These state reforms were part of a broader federal reform led primarily by the National Judicial Council, an independent body that can recommend the appointment and removal of judges to the president and state governors. [5] The Council was established under the Nigerian Constitution of 1999 and established a review committee of judges in 2001. The dismissal of corrupt judges in Lagos is therefore the responsibility of a federal authority. The new rules of the Lagos High Court were inspired by Lord Woolf`s reform of the civil justice system in England and Wales in 1996, which resulted in the Civil Procedure Rules, which came into force in 1999. HURILAWS, a non-governmental organisation of human rights lawyers, has prepared a first draft of rules largely inspired by British judicial rules following the Woolf reform. The Nigerian Institute of Advanced Legal Studies subsequently drafted a second set of rules. These experts stressed the importance of legal reforms and the need to directly identify their contribution to economic development. They also stressed the need for reforms to address new difficult situations around the world, adding that this is of paramount importance to parliaments and legal reform institutions around the world. Mediators at the Citizen Mediation Centres were trained in legal advisers selected, hired and funded by the Ministry of Justice in Lagos. “There is an urgent need to reform these laws, as they play a central role in managing the criminal justice system for a crime-free society. Let me allude to the fact that if justice cannot do what has not been done, the world will move forward while justice is left behind. Lawyers are responsible for perpetuating a number of inefficiencies in the justice sector. We have adopted the best practices of other jurisdictions, but we do not have the individual and collective character to justify it.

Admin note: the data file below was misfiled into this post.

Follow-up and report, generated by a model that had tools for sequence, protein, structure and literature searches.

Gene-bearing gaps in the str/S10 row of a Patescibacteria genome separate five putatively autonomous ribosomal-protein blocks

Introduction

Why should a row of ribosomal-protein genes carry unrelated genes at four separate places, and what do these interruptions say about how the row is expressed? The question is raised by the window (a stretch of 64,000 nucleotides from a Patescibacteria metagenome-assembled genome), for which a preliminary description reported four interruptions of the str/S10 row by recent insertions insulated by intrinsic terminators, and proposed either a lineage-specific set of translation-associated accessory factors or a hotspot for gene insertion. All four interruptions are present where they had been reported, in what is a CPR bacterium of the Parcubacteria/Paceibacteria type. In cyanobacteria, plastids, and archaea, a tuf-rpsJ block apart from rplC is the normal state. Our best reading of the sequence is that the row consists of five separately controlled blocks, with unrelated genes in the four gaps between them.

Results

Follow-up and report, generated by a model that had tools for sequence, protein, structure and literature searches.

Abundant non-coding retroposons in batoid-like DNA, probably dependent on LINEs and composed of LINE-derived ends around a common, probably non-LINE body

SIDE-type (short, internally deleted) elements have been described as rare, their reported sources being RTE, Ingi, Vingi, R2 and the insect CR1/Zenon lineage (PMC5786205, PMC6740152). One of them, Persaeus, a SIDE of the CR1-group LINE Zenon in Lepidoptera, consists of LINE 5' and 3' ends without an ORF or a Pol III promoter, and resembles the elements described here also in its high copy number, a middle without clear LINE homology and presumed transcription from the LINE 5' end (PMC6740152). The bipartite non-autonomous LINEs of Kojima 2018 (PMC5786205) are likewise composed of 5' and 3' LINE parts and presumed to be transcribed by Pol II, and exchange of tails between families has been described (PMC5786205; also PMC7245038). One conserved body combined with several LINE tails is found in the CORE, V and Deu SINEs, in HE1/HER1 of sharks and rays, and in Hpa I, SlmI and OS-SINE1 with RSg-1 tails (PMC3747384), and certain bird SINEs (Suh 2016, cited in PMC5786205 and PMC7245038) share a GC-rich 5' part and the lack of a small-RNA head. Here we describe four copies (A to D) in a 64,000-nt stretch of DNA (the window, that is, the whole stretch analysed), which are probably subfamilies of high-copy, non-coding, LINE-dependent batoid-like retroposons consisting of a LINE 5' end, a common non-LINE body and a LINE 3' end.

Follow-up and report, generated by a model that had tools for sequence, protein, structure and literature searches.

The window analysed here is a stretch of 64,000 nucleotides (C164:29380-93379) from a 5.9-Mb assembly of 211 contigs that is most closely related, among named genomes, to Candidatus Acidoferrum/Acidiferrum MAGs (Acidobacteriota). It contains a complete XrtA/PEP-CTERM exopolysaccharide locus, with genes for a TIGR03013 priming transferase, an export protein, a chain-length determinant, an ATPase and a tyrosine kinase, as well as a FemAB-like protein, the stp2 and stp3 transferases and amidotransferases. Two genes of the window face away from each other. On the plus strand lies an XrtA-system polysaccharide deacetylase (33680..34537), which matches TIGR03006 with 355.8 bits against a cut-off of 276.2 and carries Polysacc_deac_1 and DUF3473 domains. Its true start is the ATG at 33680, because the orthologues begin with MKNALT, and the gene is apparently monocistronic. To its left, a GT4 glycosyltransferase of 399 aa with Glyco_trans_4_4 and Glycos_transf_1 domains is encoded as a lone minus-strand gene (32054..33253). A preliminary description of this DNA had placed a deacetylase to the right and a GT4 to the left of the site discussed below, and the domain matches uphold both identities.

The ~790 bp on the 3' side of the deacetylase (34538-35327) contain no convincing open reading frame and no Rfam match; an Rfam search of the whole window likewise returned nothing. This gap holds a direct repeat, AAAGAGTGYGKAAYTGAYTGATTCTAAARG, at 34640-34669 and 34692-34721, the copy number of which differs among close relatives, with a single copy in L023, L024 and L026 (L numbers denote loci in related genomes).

Our “win at all costs” attitude is such that practices and tactics that will provoke direct accusations and sanctions in effective judicial systems have become commonplace. The situation requires serious soul-searching. As long as this continues, reforms in the justice sector will not make sense. It may also, on its own initiative, submit proposals for legislative reform to the Office of the Attorney General (AGF) and the Minister of Justice for referral to the National Assembly (i.e. Parliament) in the form of draft laws. According to the lawyer, the Nigerian Penal Code and the Penal Code still contain outdated provisions in our time that provide for fines of five naira if convicted of serious crimes. He said that if these laws are not changed by reforms, they cannot address the conceptual need for punishment as a deterrent to prevent crime. On the road to development, the drivers of Nigeria`s justice sector have no shortage of vision and ideas on how to move forward to achieve incremental transformation.

Like countries with reliable justice systems, Nigeria wanted a system that accelerated access to justice and made it affordable. A system that prides itself on providing prompt service to all, regardless of status; a system in which the law is administered and administered by an incorruptible, honest, efficient and intellectually sound judiciary and by the Bar Association. Specifically, the experts identified four main methods of law reform: repeal (repeal or repeal of a law); creation of a new law; Consolidation (combining several laws into one) and codification (systematic collection and arrangement, usually depending on the purpose of a state`s or country`s laws). In order to encourage the use of mediation, clause 87 of the Bill explicitly codifies the application of the Singapore Convention on Mediation to international settlement agreements concluded in States other than Nigeria, provided that: (i) the State is a party to the Singapore Convention (reciprocity); and (ii) the dispute arises out of what would be considered a “commercial” legal relationship under Nigerian law. They also stressed that the objective of reform could always be achieved systematically on the basis of enlightened political, economic and social needs that reflected the moral values and aspirations of the people. When the old law is reformed and translated into a new one, it has become a social reality. It can be said that this new law emanates from the people. The many guides I have chosen from my invitation are these; “Discussions at this year`s summit will focus on a mix of topics such as integrity, diversity, inclusion, merit in judicial appointments and the judiciary.” “We take note of your experience in implementing reforms, especially your recently completed role as Director General and Vice-Chancellor of Lagos State University.